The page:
Guide to Rome’s underground sites
Rome has a myriad of underground sites in the centre and in the suburbs, from catacombs and church crypts to ancient Roman villas and pagan temples.
Most of these sites are not open to the public on a regular basis, either because they are too dangerous or because it is not possible to provide staff for visits. Updated news and visiting information can be found on Italy Underground Tours
The Aqua Virgo was built in 19 BC mainly to supply the Agrippa Baths in Rome’s Campo Marzio district. It still supplies water to the Trevi Fountain today. Group visits only, booking required. 09.00-19.00. The basement of the Rinascente department store on Via del Tritone also houses a 60-m section of the acqueduct. Mon closed.
Auditorium di Mecenate
Located under a public garden in the Esquilino district, this fresco-covered nymphaeum is all that remains of a vast architectural complex belonging to Gaius Maecenas, or Mecenate, an advisor to Octavian and enlightened patron of the arts. Group visits only, for details see website.
Basilica di S. Clemente
A 12th-century basilica built over a fourth-century domus ecclesiae – a church in a private home – for early Christian worshippers. This in turn was constructed over buildings dating from between the first and third centuries AD, including a pagan temple. Mon-Sat 09.00-12.30, 15.00-18.00. Sun 12.15-18.00.
Catacombs of S. Agnese
Named in honour of the virgin and martyr St Agnes, these catacombs in the Trieste district date to the second half of the third century. 09.00-12.00, 16.00-18.00. Closed Sun mornings and religious feast days.
Catacombs of S. Callisto
These important catacombs originated in the second century and occupy some 36 hectares. The four levels of tunnels cover 20 km and are more than 20m deep. Among the thousands of people buried here are ten martyrs and 16 popes. 09.00-12.00, 14.00-17.00, Wed closed.
Catacombs of S. Domitilla
Rome’s oldest and best-preserved catacombs contains a network of tunnels covering 17km, a second-century fresco of The Last Supper and a fourth-century subterranean church. 09.00-12.00, 14.00-17.00. Closed Tues and 16 Dec-13 Jan.
Catacombs of Priscilla
Situated near the Villa Ada park, these catacombs comprise a series of labyrinthine tunnels and burial chambers excavated between the second and fifth centuries. 08.30-12.00, 14.30-17.00. Closed Mon and Aug.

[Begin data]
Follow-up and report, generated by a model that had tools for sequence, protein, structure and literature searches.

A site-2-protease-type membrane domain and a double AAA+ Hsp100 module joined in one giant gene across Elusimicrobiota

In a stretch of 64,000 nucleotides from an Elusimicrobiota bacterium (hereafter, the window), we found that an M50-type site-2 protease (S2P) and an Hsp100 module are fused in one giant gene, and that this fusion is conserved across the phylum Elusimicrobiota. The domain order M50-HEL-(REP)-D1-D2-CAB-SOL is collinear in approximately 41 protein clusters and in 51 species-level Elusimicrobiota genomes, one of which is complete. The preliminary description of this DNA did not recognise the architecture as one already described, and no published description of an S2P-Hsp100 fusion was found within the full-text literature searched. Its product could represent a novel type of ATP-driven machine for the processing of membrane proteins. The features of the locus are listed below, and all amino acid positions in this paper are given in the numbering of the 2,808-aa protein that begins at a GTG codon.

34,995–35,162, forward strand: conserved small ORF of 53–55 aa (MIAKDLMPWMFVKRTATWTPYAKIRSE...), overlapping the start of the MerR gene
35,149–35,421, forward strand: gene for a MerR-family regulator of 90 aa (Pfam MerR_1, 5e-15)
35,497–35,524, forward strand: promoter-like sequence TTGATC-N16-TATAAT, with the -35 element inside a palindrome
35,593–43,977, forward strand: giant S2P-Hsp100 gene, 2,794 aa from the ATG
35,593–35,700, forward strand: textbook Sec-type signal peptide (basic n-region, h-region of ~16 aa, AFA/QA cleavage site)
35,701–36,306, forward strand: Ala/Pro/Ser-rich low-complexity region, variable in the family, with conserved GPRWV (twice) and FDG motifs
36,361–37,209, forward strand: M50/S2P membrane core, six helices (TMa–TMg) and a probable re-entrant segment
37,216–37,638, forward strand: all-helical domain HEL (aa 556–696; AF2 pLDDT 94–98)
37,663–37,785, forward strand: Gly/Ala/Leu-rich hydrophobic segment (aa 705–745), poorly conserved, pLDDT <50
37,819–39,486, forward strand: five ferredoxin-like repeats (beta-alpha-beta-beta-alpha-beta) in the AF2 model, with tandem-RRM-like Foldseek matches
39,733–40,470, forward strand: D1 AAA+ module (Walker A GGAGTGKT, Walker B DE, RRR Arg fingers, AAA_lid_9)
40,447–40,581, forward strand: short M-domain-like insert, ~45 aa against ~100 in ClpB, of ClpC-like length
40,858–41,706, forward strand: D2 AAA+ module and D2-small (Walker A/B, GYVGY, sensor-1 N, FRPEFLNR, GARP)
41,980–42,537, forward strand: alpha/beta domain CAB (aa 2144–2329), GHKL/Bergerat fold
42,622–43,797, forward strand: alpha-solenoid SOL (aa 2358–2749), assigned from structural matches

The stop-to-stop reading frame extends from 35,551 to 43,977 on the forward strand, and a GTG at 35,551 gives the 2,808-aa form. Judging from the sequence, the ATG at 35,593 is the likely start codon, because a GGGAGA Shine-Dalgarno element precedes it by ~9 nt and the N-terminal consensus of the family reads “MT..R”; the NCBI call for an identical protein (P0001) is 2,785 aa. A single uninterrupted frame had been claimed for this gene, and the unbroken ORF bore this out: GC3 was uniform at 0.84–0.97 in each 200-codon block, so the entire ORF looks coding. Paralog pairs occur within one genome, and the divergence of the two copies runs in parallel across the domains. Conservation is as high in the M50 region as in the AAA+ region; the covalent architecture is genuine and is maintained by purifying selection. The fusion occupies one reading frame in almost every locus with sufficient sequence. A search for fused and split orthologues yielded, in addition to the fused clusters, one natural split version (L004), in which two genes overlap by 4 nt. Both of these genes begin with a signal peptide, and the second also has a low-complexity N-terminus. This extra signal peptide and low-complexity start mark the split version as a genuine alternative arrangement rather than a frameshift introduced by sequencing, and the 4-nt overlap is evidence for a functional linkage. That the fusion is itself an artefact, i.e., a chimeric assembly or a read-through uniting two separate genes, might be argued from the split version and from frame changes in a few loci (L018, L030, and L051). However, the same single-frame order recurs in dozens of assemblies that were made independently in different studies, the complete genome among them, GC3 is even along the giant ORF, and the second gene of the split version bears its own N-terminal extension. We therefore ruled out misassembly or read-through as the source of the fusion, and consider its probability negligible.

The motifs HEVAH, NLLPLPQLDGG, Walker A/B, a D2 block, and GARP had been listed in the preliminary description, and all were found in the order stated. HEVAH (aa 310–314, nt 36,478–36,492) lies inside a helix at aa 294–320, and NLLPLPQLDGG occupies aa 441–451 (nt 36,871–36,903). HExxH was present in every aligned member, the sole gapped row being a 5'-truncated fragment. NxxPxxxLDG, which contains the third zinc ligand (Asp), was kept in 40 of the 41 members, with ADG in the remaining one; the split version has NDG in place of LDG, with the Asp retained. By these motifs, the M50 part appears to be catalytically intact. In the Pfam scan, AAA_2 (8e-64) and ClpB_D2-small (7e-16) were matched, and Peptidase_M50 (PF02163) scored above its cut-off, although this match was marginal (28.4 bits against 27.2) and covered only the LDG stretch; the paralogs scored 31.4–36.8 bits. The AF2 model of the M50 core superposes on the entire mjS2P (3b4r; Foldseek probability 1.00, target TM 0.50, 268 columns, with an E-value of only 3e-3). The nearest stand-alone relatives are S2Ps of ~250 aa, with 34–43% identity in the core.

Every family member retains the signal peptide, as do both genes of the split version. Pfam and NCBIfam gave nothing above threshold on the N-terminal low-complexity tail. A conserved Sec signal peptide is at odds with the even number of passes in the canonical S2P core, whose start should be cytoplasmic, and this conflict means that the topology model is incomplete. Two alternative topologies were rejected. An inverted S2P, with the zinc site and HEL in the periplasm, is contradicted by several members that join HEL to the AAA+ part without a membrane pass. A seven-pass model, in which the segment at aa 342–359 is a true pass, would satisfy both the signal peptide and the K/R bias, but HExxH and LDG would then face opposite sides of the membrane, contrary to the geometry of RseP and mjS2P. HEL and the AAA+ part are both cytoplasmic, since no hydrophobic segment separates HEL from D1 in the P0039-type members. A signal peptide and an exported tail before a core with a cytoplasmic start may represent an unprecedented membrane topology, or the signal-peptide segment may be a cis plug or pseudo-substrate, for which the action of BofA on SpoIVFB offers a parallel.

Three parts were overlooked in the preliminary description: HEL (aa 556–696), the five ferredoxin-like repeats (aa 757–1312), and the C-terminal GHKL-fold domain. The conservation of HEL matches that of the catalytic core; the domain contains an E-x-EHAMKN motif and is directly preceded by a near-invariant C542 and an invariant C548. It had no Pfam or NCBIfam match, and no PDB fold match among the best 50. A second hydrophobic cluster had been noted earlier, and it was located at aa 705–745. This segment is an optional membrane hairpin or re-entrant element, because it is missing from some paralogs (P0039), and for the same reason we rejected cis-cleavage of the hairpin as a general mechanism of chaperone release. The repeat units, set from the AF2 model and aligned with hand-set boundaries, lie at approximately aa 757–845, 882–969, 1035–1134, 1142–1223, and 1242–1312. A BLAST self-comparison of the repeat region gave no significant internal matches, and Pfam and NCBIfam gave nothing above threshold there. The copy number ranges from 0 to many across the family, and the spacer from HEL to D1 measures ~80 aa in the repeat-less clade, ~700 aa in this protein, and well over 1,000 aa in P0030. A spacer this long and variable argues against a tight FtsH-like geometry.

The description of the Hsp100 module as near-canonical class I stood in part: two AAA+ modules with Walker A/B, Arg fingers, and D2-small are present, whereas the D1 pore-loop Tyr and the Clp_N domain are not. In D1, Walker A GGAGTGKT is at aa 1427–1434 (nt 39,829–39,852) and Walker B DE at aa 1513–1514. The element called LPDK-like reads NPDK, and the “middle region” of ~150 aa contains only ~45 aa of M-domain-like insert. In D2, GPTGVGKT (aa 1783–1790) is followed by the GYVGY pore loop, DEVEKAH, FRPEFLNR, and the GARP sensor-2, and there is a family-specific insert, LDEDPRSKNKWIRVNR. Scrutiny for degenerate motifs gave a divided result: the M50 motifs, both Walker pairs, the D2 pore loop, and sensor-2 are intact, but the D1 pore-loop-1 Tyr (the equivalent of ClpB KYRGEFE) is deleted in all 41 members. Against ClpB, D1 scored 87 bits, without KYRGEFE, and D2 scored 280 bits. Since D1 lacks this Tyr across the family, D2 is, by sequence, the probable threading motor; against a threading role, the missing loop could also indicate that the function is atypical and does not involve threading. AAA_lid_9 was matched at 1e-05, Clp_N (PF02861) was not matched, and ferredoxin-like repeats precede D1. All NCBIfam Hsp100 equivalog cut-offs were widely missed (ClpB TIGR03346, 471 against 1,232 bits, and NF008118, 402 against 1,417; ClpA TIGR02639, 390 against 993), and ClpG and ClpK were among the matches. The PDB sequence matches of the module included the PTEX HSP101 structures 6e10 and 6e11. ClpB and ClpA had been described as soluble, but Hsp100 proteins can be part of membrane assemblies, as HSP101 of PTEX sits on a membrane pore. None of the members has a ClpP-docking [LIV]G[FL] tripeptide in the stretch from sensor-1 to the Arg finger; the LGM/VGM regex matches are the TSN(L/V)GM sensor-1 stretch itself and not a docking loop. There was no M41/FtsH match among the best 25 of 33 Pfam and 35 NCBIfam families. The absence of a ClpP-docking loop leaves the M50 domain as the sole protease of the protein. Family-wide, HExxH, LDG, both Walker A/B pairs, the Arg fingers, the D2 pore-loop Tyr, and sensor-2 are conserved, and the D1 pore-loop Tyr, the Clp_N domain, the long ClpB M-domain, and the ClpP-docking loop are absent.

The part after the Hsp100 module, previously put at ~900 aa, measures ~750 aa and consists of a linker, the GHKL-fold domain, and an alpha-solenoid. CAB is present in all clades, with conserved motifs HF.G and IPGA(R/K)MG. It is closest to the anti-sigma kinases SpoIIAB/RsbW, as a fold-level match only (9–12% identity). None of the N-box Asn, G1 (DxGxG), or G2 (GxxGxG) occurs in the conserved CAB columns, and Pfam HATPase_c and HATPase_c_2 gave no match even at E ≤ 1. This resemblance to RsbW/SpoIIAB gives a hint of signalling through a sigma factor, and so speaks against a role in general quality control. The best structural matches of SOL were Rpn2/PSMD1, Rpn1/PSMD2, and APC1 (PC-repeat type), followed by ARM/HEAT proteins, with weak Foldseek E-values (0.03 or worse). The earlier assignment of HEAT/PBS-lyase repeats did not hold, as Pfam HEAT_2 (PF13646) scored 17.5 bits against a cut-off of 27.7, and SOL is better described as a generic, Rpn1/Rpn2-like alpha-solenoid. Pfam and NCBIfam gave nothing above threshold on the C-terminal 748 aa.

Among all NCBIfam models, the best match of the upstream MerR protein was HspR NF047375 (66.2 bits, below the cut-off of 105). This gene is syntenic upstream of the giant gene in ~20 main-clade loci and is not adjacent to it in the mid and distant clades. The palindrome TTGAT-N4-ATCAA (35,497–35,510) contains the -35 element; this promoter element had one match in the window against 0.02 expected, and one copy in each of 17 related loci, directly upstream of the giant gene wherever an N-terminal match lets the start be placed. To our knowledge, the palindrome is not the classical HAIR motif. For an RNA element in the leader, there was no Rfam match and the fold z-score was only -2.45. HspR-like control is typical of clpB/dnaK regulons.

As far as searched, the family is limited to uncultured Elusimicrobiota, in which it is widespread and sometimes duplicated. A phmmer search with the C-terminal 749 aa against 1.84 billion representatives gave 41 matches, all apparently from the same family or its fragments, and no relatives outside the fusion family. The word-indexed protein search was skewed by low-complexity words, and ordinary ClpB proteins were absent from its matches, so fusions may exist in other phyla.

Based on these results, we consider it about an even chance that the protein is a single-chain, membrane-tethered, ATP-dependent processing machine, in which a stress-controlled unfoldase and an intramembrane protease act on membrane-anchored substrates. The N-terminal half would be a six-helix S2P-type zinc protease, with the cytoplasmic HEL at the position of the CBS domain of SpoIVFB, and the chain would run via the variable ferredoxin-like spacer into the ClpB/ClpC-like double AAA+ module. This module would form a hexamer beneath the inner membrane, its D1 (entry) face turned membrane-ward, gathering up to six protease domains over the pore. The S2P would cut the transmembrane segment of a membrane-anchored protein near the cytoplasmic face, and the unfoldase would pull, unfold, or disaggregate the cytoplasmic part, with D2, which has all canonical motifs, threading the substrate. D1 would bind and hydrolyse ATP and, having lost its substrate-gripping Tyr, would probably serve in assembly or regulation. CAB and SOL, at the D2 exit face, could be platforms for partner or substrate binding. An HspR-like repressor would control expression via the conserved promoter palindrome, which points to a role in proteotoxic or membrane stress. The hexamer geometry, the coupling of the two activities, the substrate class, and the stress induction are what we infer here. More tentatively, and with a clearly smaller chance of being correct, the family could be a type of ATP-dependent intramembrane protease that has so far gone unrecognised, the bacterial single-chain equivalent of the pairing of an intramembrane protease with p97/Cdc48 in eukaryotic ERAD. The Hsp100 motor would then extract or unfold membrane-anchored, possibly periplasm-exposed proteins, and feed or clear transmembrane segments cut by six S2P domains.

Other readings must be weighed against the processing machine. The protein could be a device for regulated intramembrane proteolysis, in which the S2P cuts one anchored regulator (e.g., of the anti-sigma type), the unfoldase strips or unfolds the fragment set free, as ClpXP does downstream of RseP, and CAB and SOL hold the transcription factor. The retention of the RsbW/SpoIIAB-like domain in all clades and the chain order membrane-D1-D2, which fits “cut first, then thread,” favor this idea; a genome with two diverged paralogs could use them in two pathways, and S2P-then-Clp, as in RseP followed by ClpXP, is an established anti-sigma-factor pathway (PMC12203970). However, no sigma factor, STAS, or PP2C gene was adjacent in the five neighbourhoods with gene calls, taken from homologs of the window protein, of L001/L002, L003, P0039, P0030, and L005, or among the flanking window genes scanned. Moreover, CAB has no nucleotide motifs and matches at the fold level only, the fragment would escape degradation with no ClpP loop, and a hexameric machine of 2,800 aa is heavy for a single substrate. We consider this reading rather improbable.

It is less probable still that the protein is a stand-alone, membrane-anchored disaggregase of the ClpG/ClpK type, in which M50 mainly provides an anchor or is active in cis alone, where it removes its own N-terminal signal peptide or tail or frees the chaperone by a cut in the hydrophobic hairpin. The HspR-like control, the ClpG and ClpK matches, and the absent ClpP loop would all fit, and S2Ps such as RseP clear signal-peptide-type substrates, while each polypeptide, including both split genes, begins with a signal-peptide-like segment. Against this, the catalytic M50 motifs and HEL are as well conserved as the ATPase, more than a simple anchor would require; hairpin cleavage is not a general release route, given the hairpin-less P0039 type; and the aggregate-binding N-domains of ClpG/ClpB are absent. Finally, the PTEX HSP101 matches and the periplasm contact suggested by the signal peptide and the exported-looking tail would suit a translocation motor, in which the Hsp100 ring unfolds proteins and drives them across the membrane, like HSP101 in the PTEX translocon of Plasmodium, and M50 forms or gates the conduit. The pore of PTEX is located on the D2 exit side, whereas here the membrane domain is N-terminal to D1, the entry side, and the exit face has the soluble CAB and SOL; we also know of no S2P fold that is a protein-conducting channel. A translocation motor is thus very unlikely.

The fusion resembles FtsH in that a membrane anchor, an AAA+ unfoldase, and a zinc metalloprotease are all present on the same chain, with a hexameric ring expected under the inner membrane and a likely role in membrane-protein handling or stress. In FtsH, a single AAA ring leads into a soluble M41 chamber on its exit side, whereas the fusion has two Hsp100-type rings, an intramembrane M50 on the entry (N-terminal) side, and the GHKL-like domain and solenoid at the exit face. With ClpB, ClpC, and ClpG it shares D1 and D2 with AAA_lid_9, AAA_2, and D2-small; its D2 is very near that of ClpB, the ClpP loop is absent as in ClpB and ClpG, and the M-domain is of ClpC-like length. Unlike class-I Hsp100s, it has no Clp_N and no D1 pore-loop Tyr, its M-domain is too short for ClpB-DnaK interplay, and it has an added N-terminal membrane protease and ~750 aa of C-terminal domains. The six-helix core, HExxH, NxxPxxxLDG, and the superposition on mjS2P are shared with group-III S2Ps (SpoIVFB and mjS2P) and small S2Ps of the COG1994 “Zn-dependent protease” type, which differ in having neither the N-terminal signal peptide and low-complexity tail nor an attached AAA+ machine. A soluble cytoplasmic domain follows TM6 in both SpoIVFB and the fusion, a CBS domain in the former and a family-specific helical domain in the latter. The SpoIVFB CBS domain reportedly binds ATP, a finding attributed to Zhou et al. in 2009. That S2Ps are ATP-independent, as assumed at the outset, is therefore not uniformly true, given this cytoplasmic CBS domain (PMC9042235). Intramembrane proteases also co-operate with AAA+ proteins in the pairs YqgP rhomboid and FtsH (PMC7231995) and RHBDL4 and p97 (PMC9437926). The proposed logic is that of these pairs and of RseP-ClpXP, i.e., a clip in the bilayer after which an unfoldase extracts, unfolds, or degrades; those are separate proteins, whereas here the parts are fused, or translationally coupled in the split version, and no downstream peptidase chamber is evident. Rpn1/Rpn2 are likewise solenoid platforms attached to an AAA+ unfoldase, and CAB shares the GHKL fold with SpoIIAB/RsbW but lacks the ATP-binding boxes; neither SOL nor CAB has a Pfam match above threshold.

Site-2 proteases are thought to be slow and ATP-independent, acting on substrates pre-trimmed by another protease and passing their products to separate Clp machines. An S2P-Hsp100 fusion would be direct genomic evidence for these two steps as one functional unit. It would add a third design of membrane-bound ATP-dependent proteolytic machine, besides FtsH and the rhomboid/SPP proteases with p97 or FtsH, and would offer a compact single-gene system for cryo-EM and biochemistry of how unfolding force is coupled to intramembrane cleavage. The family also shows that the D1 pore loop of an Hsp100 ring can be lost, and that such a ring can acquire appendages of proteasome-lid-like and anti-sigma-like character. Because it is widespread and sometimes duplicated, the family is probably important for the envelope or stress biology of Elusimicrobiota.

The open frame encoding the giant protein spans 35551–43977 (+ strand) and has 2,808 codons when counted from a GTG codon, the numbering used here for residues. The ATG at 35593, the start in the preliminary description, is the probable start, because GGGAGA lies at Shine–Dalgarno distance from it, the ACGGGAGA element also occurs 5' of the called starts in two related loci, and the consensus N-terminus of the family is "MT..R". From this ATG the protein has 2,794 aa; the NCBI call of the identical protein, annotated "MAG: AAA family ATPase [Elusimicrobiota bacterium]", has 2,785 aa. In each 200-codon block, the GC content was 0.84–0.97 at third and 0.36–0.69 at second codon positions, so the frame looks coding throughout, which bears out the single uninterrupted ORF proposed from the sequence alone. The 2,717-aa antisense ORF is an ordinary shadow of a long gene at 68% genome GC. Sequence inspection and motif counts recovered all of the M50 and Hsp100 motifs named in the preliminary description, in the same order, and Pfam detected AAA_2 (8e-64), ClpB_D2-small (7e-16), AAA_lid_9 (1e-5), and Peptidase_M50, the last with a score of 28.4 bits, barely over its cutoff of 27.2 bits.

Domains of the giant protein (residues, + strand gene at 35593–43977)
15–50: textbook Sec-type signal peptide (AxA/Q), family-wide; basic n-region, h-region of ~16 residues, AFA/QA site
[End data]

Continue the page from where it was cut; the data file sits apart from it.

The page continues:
Catacombs of S. Sebastiano
From the first century this maze of tunnels and caves was used extensively to inter pagans and Christians, including the martyrs Sebastian and Eutychius. 10.00-17.00. Closed Sun and 1-28 Dec.
The vaults and walls of the four chapels in the Capuchin crypt are decorated with the bones of 4,000 monks who died between 1600 and 1800. Located under the church of S. Maria della Concezione dei Cappuccini. 09.00-19.00.
Church of S. Crisogono
Underground site including an early Christian church and a third-century Roman house. Mon-Sat 07.30-11.30, 16.00-19.00. Sun 08.00-13.00, 16.00-19.00. Not possible to visit excavations during celebration of Mass.
Church of S. Lorenzo in Lucina
This underground site was originally thought to have been a Roman house for early Christian worship but recent research indicates that it may have been a pre-Christian temple to Giunone Lucina, the goddess of pregnant women. Tours last Saturday of the month at 16.15.
Church of S. Nicola in Carcere
The remains of three Republican-era temples, cells and alleys under the altar were once part of the bustling Forum Boarium complex, ancient Rome’s cattle market. 10.00-17.00. Wed closed.
Built over the ancient Roman Theatre of Balbus, this partially-underground museum is dedicated to urban archaeology and the Middle Ages. Tues-Sun 09.00-19.45. Mon closed.
Emperor Nero’s golden palace was built after the great fire of Rome in 64 AD on a sprawling site in the Colle Oppio area. Guided tours in English Sat-Sun 09.00-16.45. Virtual reality tours Sat-Sun 09.00-18.15 (last admission 17.00).
Hadrian’s Crypt (Bocca della Verità)
Under the altar in the church of S. Maria in Cosmedin there is a small eighth-century crypt built to hold relics extracted from the catacombs by Pope Hadrian I. Mon-Sat 10.00-14.00, 15.00-17.30, Sun 12.00-17.30.
The are six Jewish catacombs in Rome but not all are accessible. The Villa Torlonia catacombs, on Via Nomentana 70, are the largest and best known, while the Vigna Randanini catacombs, on Via Appia Pignatelli 4, opened to the public for the first time in 2016.
Mithraeum in Circo Massimo
Guided visits for groups only. This five-room mithraeum, at the Bocca della Verità end of the Circus Maximus, is dedicated to the Roman deity Mithras. It dates to the fourth century but was only rediscovered in 1931.
Mithraeum in S. Prisca
The church of S. Prisca on the Aventine was built over a first-century temple to Mithras. Open on the second and fourth Sunday of every month, for individuals at 16.00, for groups at 15.00 and 17.00. Booking required.
The remains of ancient Roman houses are on permanent display below Palazzo Valentini, just off Piazza Venezia. 09.30-18.30. Tues closed.
Terme di Caracalla
These Roman baths have a maze of underground areas including a gymnasium, changing rooms, frigidarium, tepidarium and caldarium. Open daily, Mon half day. For varying opening times see website.
Stadium of Domitian
The remains of the Domiziano Stadium, a Unesco World Heritage Site commissioned around AD 80 by Emperor Domitianus, are located about 4.5m under Piazza Navona. Daily 10.00-19.00, Sat 10.00-20.00. Audio guide available.
This Imperial-era necropolis contains the tomb of St Peter. Only private visits on request. Tour groups are composed of approximately 12 people, according to language. For information see website or go to excavations office to the left of the Bernini colonnade in St Peter’s Square. Mon-Fri 09.00-18.00, Sat 09.00-17.00.